Alexandria formally moved into the second phase of its economic recovery today (Friday), and while some businesses are embracing the easing of restrictions, others are taking a slower approach.
Even though there was only one new reported case of coronavirus in the city today, Alexandria Mayor Justin Wilson said that phase 2 does not mean that the city is out of the woods just yet.
“We need our residents and visitors to continue to socially distance, wear masks and stay home when ill,” Wilson told ALXnow. “We are able to ease restrictions because everyone played their part over the past few months. We have more work to do to keep our community safe.”
Under the loosened restrictions, Alexandria restaurants can offer indoor dining at 50% capacity; fitness centers can operate at 30% capacity and pools can operate for exercise.
Bill Blackburn, co-owner of the Homegrown Restaurant Group, is opening the inside of Whiskey & Oyster and Tequila & Taco in Caryle and will continue curbside pickup at Sweet Fire Donna’s, Pork Barrel BBQ and Holy Cow Del Ray.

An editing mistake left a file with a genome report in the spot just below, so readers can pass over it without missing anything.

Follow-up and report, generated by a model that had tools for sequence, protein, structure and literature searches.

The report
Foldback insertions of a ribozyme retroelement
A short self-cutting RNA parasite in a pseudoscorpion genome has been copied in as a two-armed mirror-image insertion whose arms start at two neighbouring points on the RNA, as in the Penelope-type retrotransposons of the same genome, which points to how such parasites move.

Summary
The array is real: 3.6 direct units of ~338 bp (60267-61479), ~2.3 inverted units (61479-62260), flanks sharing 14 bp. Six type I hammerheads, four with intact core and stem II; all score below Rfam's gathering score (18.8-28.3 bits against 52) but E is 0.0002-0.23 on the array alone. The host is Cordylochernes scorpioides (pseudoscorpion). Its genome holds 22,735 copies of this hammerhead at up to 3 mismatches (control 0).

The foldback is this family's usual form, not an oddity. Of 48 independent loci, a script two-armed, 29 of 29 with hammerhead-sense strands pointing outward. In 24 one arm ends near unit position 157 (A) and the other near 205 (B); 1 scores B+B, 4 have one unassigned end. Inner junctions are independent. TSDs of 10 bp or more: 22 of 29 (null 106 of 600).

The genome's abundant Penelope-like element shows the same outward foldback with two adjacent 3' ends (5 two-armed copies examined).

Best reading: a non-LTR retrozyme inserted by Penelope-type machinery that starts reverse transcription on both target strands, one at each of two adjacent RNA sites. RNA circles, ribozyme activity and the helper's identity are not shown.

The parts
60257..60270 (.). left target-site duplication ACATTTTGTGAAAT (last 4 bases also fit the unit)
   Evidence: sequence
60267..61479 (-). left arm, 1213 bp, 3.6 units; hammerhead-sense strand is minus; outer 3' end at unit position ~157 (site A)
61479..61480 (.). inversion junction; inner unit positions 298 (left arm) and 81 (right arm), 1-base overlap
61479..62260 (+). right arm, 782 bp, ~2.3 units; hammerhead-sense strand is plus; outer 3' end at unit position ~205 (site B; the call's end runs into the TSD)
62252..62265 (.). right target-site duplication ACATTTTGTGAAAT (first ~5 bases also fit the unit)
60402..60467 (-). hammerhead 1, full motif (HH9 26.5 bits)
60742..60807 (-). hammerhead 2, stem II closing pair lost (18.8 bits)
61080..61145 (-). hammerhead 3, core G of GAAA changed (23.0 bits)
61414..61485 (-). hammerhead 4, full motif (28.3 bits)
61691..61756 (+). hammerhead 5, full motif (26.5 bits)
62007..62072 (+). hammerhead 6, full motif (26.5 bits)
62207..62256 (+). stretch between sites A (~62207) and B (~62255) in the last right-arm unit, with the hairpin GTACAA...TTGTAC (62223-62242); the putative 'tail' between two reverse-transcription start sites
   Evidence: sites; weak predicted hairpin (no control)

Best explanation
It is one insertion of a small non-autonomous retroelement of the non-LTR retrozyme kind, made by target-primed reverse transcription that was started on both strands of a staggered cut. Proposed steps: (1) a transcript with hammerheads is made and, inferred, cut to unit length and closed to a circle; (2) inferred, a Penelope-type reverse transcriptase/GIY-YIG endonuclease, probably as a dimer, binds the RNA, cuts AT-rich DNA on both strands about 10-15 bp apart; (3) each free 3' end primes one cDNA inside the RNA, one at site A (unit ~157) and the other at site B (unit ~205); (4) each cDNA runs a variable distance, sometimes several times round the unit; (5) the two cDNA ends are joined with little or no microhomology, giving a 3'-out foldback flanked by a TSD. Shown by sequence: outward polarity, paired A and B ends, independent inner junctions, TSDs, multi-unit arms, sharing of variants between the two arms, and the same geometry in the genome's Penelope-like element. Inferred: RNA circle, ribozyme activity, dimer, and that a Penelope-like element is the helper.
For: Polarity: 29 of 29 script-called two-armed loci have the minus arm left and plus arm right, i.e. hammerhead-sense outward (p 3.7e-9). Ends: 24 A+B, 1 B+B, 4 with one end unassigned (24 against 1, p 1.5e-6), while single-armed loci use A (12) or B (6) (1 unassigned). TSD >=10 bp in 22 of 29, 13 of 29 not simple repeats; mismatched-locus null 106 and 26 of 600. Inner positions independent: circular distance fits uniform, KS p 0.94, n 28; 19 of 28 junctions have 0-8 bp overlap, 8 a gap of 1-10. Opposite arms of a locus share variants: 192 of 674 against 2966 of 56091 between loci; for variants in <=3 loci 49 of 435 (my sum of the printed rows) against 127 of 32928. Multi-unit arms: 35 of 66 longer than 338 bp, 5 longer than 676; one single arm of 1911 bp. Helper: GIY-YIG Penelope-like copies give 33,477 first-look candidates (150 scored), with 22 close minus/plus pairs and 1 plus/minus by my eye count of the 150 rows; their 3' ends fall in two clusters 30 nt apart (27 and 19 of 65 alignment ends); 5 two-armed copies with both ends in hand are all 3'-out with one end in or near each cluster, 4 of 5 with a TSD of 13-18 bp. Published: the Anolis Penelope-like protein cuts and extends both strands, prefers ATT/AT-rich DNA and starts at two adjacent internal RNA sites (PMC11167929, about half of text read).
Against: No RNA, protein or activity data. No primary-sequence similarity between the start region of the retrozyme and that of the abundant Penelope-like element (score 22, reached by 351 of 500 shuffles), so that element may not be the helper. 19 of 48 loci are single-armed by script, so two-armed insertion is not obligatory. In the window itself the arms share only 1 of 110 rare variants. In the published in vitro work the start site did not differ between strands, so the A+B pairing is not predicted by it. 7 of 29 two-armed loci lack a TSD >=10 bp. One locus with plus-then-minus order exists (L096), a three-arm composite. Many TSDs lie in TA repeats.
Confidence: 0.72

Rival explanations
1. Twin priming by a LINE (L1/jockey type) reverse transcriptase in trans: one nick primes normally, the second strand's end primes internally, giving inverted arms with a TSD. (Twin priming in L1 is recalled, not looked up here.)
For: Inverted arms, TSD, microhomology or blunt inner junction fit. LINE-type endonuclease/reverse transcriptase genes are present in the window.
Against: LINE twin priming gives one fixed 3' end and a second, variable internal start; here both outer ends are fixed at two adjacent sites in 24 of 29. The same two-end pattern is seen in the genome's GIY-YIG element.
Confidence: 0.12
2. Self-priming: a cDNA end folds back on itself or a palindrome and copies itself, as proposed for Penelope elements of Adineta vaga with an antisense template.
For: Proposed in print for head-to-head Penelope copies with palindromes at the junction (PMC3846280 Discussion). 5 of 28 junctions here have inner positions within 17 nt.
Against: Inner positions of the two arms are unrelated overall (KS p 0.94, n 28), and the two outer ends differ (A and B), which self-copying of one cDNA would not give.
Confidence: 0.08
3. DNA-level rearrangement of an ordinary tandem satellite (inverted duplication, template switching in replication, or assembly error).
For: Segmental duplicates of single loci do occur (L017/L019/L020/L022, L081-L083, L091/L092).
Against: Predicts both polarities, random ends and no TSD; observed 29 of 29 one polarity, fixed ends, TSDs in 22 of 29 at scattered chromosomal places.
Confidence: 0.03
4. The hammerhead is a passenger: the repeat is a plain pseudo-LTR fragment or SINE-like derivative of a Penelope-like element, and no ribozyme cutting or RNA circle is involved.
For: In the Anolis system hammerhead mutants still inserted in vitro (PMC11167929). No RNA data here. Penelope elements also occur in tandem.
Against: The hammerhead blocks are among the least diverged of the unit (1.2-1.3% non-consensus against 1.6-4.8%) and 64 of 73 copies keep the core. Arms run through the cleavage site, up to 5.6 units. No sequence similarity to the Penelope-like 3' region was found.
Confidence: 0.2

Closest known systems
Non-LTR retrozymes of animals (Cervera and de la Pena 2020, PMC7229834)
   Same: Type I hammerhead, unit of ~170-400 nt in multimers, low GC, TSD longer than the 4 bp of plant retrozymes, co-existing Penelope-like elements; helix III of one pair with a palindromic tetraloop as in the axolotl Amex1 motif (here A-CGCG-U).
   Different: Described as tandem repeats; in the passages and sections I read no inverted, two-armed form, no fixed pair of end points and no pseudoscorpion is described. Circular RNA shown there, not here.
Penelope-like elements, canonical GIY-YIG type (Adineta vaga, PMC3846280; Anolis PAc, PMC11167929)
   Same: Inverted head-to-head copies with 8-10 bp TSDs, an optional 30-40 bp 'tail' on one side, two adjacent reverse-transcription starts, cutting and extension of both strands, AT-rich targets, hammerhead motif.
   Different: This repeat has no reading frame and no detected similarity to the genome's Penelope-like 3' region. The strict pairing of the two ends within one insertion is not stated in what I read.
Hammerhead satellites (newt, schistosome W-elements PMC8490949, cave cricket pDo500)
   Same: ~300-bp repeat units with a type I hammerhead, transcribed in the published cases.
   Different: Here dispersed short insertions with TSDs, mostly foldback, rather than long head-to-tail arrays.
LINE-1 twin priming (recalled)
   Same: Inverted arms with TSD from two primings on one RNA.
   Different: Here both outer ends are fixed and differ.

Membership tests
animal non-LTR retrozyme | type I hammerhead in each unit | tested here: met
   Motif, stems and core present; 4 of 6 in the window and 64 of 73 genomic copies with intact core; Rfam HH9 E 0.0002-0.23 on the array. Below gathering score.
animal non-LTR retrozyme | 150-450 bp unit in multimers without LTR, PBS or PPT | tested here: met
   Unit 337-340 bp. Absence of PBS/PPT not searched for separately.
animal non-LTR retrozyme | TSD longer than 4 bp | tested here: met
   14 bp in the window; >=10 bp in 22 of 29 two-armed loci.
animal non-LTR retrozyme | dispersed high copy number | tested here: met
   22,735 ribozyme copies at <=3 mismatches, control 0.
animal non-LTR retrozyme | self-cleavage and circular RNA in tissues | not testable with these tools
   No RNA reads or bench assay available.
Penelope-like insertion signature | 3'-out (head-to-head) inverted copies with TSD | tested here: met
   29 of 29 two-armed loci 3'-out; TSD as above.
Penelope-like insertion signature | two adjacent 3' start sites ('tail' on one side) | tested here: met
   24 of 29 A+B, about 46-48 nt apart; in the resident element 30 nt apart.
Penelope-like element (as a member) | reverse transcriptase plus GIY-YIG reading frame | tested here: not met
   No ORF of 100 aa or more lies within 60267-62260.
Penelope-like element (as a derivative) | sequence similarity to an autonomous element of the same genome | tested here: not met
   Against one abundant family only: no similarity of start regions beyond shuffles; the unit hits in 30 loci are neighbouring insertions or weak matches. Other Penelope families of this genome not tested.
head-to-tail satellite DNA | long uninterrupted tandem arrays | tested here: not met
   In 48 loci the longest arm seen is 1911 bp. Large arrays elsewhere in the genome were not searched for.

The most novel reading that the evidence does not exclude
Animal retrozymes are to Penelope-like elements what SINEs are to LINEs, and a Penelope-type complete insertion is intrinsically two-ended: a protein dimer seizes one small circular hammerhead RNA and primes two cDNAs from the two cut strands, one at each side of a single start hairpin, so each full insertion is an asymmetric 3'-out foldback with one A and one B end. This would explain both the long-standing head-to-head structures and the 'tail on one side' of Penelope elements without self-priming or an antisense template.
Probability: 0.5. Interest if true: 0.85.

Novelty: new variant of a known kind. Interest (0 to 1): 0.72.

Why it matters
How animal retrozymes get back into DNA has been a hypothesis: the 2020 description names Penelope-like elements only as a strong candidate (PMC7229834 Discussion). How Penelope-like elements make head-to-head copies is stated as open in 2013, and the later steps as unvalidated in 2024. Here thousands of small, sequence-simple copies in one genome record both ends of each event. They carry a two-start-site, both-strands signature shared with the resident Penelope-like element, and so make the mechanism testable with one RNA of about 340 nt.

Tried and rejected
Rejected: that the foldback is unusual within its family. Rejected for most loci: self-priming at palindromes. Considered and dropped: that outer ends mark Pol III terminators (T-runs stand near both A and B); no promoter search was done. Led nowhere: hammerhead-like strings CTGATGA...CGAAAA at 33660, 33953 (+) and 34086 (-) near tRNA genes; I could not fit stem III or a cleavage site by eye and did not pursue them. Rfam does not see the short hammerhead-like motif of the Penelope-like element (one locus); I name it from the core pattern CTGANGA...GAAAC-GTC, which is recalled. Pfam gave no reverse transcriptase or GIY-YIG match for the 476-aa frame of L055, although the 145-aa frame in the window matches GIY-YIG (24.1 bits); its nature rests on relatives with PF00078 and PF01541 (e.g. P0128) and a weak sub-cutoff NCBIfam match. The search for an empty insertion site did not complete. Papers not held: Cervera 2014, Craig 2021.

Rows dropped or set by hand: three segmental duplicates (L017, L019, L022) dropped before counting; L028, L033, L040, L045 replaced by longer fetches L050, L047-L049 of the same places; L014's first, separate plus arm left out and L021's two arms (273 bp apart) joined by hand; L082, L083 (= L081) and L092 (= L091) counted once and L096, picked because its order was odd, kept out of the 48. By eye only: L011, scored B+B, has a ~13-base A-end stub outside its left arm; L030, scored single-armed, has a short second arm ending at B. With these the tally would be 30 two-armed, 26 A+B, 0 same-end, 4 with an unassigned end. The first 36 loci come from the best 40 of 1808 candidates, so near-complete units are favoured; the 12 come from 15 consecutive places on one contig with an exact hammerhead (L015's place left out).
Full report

“Our number one priority is the safety of our employees and customers,” Blackburn told ALXnow. “Every concept is different with layout and footprint, we have to make different decisions for different properties.”
The pandemic closed about half of the city’s 860 permitted food establishments. More than 100 retail and restaurant businesses have received the new ALX Promise accreditation decal, which launched three weeks ago and requires business owners and staff to undergo a training session and sign a pledge to maintain safe and sanitary practices.
Natalie Talis, a population health manager with the Alexandria Health Department, said that 289 businesses have expressed interest in participating in the ALX Promise initiative, which is a partnership with Visit Alexandria, the Alexandria Chamber of Commerce.
“Just because these new phases are happening and businesses are reopening, it doesn’t mean that we can be any less vigilant about washing our hands really frequently, wearing a face-covering in public settings, and also not crowding together,” she said. “We have to keep messaging about that and banging the drum that COVID hasn’t disappeared.”
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Staff photo by James Cullum